Consumers to save K1.5bn from fuel price drop, says Dr. Johnstone Chikwanda

Consumers to save K1.5bn from fuel price drop, says Dr. Johnstone Chikwanda

Consumers to save K1.5bn from fuel price drop, says Dr. Johnstone Chikwanda

Since April this year fuel pump prices have been steadily falling and this will lead to petroleum products consumers saving an accumulated K1.5billion, reports *Francis Lungu* .

Giving an analysis on the downward trend of fuel pump prices observed in the last three months, international energy expert Johnstone Chikwanda says in the month of April alone, the reduction in petroleum products prices resulted in consumers saving about K940million.

This was followed by another K164millon saved due to the drop of prices in May, according to Dr Chikwanda.

“For June the consumers will be saved K400 million. So by end of June the consumers will be saved a total of about K1.5 billion. This is a massive saving by consumers. It will also improve return on investment by the OMCs (Oil Marketing Companies) due to reduced import bills due to reduced prices,” he noted in a statement after the Energy Regulation Board (ERB) had earlier announced the fuel pump price reduction for the month of June.

In reacting to sentiments from some circles of society insinuating that the reduction for petrol for instance from K27.59 to now K24.45 should not be commended because the pump price was at K17 when the United Party for National Development (UPND) took over government, Dr Chikwanda explained: “Yes the pump price was found at K17 but that was an artificial price for two years due to waived taxes at 25 percent customs duty, 16 percent VAT (Value Added Tax) and Excise Duty. In total over 41percent on fuel had been frozen to artificially make the prices look low. In addition government was directly giving OMCs about US$64m every month in order for them to land fuel in Zambia profitably as they opted to stop imports.”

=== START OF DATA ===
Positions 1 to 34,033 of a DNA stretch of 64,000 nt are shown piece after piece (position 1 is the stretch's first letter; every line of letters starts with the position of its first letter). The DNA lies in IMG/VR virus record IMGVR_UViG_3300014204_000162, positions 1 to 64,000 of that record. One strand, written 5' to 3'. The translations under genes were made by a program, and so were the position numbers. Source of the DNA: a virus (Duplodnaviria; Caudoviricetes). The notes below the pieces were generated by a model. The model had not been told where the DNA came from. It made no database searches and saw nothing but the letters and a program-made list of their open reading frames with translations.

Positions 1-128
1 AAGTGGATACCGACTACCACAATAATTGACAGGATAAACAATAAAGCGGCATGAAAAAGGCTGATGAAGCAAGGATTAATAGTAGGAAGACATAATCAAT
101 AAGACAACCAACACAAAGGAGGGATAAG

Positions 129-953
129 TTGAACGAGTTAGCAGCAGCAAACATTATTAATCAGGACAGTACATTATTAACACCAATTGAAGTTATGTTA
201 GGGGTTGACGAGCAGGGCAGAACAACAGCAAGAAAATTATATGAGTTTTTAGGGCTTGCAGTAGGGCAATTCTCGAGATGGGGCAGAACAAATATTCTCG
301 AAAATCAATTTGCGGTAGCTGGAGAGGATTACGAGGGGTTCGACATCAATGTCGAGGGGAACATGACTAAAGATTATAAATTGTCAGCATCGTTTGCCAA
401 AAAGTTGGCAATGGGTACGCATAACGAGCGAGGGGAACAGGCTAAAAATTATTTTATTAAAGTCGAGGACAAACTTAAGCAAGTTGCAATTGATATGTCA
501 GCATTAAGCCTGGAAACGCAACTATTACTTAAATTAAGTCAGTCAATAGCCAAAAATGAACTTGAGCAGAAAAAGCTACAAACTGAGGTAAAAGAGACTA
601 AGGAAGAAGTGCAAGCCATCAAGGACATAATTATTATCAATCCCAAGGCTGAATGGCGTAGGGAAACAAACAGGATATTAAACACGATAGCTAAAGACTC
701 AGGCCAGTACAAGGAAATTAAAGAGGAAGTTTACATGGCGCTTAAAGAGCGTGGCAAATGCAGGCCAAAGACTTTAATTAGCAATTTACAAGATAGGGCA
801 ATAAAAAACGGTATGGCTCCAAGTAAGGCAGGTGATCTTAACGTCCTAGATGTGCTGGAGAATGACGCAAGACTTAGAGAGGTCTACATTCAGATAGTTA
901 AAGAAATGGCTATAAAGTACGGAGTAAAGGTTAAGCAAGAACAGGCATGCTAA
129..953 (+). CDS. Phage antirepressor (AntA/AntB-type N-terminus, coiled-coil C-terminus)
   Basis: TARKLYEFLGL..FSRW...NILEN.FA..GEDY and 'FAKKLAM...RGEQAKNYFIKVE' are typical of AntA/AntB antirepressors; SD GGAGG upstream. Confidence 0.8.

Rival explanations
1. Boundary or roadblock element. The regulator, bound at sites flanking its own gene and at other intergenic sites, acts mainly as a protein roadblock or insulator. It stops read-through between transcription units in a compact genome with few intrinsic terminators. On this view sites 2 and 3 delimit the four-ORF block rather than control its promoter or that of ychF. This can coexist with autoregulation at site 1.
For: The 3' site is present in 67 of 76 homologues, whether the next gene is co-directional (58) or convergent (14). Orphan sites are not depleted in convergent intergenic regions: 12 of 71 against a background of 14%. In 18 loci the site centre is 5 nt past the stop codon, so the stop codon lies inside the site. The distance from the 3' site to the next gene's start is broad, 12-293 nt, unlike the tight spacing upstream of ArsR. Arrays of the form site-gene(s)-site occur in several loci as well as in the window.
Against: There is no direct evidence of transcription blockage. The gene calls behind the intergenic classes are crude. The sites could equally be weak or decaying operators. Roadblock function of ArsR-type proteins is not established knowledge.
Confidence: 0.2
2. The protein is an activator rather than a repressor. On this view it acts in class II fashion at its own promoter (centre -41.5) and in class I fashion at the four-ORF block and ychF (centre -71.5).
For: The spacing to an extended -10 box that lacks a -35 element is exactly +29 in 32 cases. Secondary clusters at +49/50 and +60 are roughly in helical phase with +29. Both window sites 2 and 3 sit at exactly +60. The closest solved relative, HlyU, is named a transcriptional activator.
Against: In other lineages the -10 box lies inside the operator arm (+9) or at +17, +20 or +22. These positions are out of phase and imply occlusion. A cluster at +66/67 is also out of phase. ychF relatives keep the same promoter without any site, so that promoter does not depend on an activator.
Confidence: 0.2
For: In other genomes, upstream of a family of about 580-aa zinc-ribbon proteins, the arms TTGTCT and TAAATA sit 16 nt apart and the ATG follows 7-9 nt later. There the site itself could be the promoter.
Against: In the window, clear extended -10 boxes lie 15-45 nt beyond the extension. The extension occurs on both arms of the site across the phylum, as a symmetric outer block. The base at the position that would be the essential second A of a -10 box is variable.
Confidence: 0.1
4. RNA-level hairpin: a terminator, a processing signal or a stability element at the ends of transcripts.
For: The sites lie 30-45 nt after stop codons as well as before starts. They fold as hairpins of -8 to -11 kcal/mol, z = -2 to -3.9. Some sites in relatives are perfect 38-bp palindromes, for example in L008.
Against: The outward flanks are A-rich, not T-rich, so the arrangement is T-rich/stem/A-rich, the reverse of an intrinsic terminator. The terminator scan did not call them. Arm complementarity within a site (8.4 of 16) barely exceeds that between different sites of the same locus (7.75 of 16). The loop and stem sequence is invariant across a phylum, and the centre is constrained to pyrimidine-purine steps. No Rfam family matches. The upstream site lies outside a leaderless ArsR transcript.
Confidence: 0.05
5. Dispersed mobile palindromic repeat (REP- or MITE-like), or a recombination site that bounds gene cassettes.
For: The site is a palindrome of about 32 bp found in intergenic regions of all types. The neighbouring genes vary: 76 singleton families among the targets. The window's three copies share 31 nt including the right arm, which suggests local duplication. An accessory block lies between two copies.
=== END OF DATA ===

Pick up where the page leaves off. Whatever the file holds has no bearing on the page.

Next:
The energy expert noted that the combined implication of the previous happenings in the petroleum sector was costing government treasury about US$1 billion per year.

‘We also had an accumulated debt to OMCs of US$800m as we were unable to pay because fuel was being sold at a low price,” he noted.

ERB board chairperson Reynolds Bowa said the reduction in the national uniform pump prices and posted airfield prices were influenced by a combination of factors on the international market.

“The factors that caused the decline of oil prices included the concerns about a looming recession that affected the oil and gas markets. Fear of a banking meltdown following the collapse of some Western banks also created additional uncertainty,” he said.

For the month of June the ERB board chairperson said fuel will now cost K24.45 from K27.59 for petrol per litre while diesel will be going at K21.87 from the previous K24.64.

Kerosene has been reduced from K20.47 to K19.74 while Jet A-1 at Kenneth Kaunda International Airport has dropped from K22.60 to K21.64 per litre effective midnight May 31, 2023.

And some Lusaka motorists talked to thank President Hakainde Hichilema and the new dawn government for closely motoring the happenings on the oil international market and swift reaction to respond by adjusting fuel pump prices downwards.

“At least now I can get four (4) liters [of petrol] from a K100. This is good for us as motorists who are in transport business. Government is doing a great job,” said Simon Njovu, an online tax operator under Yango.

Another motorist Evelyn Mpande, a mother of three school going children said the reduction in fuel pump prices will have benefits at household level as school errands will now be manageable and affordable.

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